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How to Use Asynchronous Functions in JavaScript

How to Use Asynchronous Functions in JavaScript

Tabnine Team /
7 minutes /
September 14, 2020

JavaScript is a synchronous language, yet sometimes asynchronous behavior is required. For example, you may need to use an asynchronous function while waiting for data to be fetched from an API, or while waiting for a site’s images to load. Such procedures take time to complete, and a native blocking approach would negatively impact user experience. As such, the concept of promises was created.

Asynchronous functions enable us to work with promises.

A short intro to JS promises

In short, a promise is JavaScript’s way of telling us: “I’m on it. When I’m done, I’ll send you the result”. It is an assurance that the calling thread will receive a result at a later point in time. This assurance allows the main thread of execution to continue, instead of needing to block progress until the method being called returns properly.

There are three states to a promise:

  1. pending – This state indicates that the request is pending, and leads to one of the other two states upon completion.
  2. fulfilled – This state indicates that the operation was completed successfully.
  3. rejected – This state indicates that the operation failed.

Next, we’ll explore these concepts with some sample code.

Basic Promise example

Imagine that, for some reason, you wanted to write a calculator that only works half of the time. In code, a “bad” calculator might look something like this:

function badCalc(num1, num2) {
  return new Promise((resolve, reject) => {
    if (Math.random() > 0.5) resolve(num1 * num2);
    else reject('Oopsy...');
function getMul() {
  for (let i = 0; i < 50; i++) {
    console.log('i=', i, badCalc(i, i + 1));

In the above code, badCalc() will always return a value, but it won’t always be the product of num1 and num2. In approximately half the cases, you will get the expected result:

i= 20 Promise {<fulfilled>: 420}

In the other half of the cases, though, you’ll see a rejected promise:

i= 23 Promise {<rejected>: “Oopsy…”}

In both cases the result is wrapped up in a promise, from which we will need to extract the return values. In our fulfilled case above, this means we can’t use the result in further calculations – adding “7” to the result of “420” will simply not work because we are not working with objects directly. You can see this in the following code:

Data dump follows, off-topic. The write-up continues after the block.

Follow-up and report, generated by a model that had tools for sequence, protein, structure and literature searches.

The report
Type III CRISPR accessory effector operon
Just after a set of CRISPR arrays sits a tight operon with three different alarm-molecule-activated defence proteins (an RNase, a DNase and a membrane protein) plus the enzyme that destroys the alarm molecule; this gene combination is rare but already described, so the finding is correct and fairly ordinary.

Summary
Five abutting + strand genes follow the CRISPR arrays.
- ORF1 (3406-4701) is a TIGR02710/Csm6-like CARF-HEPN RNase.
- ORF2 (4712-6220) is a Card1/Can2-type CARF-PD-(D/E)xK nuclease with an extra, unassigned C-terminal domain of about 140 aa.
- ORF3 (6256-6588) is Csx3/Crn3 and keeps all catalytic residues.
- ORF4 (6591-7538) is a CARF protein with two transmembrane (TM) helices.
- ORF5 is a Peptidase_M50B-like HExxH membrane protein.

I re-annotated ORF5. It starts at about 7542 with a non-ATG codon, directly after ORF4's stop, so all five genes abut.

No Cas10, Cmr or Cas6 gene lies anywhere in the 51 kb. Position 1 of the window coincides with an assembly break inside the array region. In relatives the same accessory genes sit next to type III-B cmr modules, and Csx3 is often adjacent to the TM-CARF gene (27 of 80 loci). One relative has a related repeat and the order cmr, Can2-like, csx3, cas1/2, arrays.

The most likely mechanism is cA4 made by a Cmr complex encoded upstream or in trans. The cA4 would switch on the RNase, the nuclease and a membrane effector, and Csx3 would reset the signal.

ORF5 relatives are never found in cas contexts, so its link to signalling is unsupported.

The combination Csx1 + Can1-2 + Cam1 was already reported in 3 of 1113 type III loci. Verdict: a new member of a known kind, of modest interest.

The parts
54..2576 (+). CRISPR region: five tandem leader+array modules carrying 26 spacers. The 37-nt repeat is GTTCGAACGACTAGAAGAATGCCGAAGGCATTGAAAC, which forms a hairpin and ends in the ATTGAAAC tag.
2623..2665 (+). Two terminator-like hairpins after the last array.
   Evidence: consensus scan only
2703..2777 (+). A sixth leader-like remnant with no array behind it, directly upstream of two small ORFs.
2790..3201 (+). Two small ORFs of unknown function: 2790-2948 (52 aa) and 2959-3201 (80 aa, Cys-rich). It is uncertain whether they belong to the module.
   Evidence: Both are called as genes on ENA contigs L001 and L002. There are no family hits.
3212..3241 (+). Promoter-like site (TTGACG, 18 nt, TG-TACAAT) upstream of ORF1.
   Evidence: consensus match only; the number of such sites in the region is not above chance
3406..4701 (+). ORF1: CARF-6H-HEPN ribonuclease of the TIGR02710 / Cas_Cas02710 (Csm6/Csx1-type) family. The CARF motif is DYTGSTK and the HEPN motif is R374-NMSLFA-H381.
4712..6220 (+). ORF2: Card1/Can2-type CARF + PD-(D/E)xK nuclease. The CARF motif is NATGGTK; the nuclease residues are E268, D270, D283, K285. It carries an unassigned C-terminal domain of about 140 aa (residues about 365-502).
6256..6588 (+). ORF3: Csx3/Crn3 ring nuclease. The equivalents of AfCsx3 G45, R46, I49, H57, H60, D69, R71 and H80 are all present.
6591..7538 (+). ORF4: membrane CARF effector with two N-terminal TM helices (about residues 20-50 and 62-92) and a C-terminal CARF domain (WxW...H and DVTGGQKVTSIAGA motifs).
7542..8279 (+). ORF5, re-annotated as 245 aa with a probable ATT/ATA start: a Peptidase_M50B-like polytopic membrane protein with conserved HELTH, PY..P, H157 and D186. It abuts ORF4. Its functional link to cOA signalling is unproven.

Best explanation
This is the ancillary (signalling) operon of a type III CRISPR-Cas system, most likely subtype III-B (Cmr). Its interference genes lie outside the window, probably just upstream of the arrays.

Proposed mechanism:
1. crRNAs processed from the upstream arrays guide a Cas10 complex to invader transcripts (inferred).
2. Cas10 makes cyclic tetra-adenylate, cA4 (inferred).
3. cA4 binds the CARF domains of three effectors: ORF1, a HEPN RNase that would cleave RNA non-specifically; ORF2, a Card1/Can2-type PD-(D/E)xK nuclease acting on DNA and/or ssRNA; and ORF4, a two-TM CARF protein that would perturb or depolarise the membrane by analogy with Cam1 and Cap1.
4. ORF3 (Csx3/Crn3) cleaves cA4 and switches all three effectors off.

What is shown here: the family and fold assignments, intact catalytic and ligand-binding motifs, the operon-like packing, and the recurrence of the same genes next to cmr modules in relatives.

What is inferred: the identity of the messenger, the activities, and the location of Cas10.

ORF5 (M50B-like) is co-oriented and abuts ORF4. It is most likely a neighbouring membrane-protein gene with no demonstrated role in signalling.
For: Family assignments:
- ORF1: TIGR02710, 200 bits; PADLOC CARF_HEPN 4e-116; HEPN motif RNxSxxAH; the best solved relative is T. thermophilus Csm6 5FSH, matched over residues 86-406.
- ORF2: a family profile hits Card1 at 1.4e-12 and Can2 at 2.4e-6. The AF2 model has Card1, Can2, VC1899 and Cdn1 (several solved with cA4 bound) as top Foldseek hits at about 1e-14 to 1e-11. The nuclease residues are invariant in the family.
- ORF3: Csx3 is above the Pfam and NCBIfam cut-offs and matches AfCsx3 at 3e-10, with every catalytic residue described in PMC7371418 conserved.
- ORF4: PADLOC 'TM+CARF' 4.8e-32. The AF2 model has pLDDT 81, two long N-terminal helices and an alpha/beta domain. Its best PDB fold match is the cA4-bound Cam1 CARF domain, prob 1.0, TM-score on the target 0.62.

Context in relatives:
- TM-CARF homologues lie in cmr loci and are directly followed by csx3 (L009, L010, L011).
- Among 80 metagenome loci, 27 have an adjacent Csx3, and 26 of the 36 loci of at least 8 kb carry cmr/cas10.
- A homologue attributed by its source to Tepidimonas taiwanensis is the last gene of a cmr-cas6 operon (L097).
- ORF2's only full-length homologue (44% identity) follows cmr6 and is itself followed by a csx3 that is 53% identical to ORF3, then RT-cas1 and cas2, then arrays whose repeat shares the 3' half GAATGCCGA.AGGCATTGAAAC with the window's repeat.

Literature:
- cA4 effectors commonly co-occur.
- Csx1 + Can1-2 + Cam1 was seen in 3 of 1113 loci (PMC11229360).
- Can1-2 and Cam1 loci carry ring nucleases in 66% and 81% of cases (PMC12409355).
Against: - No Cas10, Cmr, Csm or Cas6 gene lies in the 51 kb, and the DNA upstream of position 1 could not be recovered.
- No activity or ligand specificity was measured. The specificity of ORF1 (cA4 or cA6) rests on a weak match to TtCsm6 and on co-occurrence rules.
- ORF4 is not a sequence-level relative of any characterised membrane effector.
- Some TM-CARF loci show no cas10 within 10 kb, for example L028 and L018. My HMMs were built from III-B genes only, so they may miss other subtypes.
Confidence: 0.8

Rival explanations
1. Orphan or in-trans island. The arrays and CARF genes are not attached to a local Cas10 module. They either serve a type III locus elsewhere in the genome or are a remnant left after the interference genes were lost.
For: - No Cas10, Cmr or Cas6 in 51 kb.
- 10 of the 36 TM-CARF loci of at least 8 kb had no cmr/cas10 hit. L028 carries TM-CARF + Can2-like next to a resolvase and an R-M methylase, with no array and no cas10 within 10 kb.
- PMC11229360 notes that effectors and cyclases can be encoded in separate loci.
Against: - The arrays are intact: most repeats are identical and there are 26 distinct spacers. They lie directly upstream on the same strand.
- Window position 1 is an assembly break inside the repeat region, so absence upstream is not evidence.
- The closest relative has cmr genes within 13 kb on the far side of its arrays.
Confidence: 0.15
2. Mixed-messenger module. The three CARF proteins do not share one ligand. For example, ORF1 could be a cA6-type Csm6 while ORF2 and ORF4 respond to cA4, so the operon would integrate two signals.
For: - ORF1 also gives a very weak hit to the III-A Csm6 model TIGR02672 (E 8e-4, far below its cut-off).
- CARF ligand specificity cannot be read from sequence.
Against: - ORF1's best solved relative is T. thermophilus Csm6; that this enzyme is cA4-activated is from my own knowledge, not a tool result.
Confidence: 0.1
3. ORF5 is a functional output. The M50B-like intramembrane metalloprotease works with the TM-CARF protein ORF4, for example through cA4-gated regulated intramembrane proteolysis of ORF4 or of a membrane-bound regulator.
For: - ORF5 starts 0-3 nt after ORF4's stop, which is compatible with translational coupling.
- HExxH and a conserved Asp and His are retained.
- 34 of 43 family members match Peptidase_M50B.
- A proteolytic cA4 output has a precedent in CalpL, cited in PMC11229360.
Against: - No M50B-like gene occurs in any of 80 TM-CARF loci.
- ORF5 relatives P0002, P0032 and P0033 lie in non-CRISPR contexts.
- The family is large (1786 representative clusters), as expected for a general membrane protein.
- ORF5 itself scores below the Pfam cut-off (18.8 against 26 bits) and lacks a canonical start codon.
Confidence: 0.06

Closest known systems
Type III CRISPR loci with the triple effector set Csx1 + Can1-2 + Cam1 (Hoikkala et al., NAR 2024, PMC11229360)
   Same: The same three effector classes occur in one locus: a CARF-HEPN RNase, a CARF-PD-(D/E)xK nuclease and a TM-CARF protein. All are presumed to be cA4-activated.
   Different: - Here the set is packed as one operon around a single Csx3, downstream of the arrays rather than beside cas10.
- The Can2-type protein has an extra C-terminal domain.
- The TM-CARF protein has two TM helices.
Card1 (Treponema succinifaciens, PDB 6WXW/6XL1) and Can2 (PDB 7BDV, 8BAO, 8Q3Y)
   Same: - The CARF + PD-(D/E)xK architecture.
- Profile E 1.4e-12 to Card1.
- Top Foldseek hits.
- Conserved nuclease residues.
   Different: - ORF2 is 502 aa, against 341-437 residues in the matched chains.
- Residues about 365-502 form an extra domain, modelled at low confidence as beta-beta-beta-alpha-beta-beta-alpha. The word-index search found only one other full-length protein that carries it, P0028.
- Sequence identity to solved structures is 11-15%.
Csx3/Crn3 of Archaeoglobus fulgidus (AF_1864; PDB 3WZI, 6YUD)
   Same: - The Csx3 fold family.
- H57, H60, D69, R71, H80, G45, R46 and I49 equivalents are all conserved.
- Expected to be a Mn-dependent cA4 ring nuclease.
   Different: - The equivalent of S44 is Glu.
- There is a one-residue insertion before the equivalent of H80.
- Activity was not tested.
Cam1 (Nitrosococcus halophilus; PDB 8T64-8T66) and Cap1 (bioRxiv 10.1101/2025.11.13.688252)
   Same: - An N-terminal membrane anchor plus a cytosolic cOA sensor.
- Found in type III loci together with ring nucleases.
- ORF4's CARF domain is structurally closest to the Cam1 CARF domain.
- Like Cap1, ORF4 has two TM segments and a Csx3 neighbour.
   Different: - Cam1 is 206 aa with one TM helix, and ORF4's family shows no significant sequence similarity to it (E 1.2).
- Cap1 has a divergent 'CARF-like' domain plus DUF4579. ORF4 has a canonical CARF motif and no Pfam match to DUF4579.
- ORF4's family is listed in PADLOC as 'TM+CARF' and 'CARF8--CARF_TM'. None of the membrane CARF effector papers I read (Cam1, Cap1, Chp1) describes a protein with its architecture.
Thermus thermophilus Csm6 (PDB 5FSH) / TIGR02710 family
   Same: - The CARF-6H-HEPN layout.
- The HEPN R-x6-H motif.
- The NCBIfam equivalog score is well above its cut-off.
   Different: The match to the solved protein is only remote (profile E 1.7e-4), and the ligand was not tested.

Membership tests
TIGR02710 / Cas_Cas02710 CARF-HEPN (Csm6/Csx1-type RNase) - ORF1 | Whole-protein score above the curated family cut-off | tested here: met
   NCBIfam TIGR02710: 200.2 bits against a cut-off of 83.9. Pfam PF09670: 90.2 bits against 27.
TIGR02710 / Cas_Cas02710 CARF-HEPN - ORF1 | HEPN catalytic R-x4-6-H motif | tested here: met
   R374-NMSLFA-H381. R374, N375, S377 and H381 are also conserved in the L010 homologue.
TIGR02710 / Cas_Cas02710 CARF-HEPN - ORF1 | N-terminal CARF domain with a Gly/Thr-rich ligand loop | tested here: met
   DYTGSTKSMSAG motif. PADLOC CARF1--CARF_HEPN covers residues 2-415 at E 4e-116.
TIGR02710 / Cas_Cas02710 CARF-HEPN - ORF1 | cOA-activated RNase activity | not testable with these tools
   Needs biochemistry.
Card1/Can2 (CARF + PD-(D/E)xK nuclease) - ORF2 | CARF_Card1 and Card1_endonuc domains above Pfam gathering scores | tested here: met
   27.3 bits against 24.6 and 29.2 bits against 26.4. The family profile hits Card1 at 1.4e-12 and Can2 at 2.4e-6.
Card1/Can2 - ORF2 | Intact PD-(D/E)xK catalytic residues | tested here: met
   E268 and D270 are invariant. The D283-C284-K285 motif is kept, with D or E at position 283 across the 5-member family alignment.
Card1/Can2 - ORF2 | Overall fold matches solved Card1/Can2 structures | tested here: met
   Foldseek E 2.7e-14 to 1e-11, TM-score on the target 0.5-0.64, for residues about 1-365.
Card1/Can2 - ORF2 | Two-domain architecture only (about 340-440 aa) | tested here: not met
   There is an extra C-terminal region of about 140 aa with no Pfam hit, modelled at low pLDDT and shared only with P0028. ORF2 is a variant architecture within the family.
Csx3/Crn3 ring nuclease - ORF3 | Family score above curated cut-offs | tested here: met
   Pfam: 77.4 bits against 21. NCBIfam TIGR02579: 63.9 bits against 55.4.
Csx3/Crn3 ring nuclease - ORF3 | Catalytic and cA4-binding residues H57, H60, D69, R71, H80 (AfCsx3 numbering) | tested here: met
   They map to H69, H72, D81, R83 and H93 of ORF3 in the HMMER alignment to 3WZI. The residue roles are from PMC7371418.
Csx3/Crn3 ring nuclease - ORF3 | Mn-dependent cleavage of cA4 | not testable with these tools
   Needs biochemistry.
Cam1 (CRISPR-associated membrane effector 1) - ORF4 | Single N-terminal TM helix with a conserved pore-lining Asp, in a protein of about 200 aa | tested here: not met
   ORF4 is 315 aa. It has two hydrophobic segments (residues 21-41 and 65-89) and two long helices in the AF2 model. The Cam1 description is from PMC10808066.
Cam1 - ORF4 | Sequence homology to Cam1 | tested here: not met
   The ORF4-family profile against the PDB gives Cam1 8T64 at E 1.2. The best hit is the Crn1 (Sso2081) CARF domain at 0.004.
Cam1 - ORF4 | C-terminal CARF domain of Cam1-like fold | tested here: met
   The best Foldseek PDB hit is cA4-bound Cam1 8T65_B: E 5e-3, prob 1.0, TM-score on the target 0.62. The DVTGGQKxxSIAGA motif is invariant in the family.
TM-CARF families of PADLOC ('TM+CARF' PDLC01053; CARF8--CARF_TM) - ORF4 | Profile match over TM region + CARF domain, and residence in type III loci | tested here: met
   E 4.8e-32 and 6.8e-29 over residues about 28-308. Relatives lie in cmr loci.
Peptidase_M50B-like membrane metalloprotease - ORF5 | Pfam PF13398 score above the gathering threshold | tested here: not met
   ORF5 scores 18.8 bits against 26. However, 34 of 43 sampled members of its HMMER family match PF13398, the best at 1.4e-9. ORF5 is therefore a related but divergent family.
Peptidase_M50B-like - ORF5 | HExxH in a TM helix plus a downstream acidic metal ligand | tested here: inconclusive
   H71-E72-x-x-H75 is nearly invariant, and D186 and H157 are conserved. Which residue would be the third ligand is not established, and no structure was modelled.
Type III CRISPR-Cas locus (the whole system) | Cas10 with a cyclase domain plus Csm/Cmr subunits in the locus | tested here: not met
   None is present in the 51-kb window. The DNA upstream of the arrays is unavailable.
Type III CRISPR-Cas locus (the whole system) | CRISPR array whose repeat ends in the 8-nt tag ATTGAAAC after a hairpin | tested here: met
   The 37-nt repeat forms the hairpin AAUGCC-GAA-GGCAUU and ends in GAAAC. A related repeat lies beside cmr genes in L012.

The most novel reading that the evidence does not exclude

console.log('i=', i, badCalc(i, i + 1) + 7);
//expected output: i= 20 [object Promise]7

In the above code, you can see that the value “7” is simply appended as a string to the promise object’s string output value, which is definitely not what we intended.

Note: If you are not familiar with the concept of JavaScript promises, you can find code more examples here.

There are two ways to handle promises:

  1. .then(), which is called as a callback upon completion of the promise
  2. async/await, which forces the current thread of execution to wait for the promise to complete

This page will focus mostly on the second option. It’s newer, it’s cleaner, and it’s a lot more readable. But first, we’ll review the callback pattern, implemented using .then().

Promise.prototype.then() – basic examples

The following example shows how to use .then() to handle promises and promise resolution:

function getMul() {
  for (let i = 0; i < 50; i++) {
    let res = badCalc(i, i + 1).then(res => console.log('i=', i, 'res: ', res + 7));

The above code demonstrates how to use .then() such that you are able to use the return value of badCalc() without needing any extra steps. We simply store the return value in a variable. This allows us to operate on that value later using .then().

.then() takes a callback function as its argument. In the above example, res is being passed as a parameter to this callback. Using console.log(), you can see that res is of type Number, and so it is now possible to add 7 to the value without running into the same type issue we encountered before. The expected log output of the above function with i=0 would be:

i= 0 res:  7

However, the log is only displayed for the “good” calculations – function calls where the promise resolution is fulfilled, or successful. We need to add a bit more code for our “Oopsy…” string to be printed. To accomplish this, we need to tell our .then() handler what to do with rejected promises. The following code shows how this is done:

function getMul() {
  for (let i = 0; i < 50; i++) {
    let res = badCalc(i, i + 1)
    .then(res => {
      console.log(i, res + 7);
    }, failure => {
      console.log(console.error(failure)); //expected output: Oopsy...

In the above code, in case of a successful operation, (res + 7) will be printed to the console, and “Oopsy…” will be printed to the console when the operation fails.

Note: the word failure in the above code sample can be changed to any other word, it establishes a promise resolution similar to the result handler above, creating a function with a single parameter named “failure” that will contain details on the error encountered.

Those are the basics of using the .then() method of promise resolution. Next, let’s take a look at async / await.

async / await

The async-await syntax helps with readability, allowing you to write the code as if it were using synchronous call patterns.

To enable this method of communication, you’ll need to modify your function prototype. In the declaration of the function prototype, before the word function, add the keyword async. This signals to JavaScript that this method will handle promise resolutions.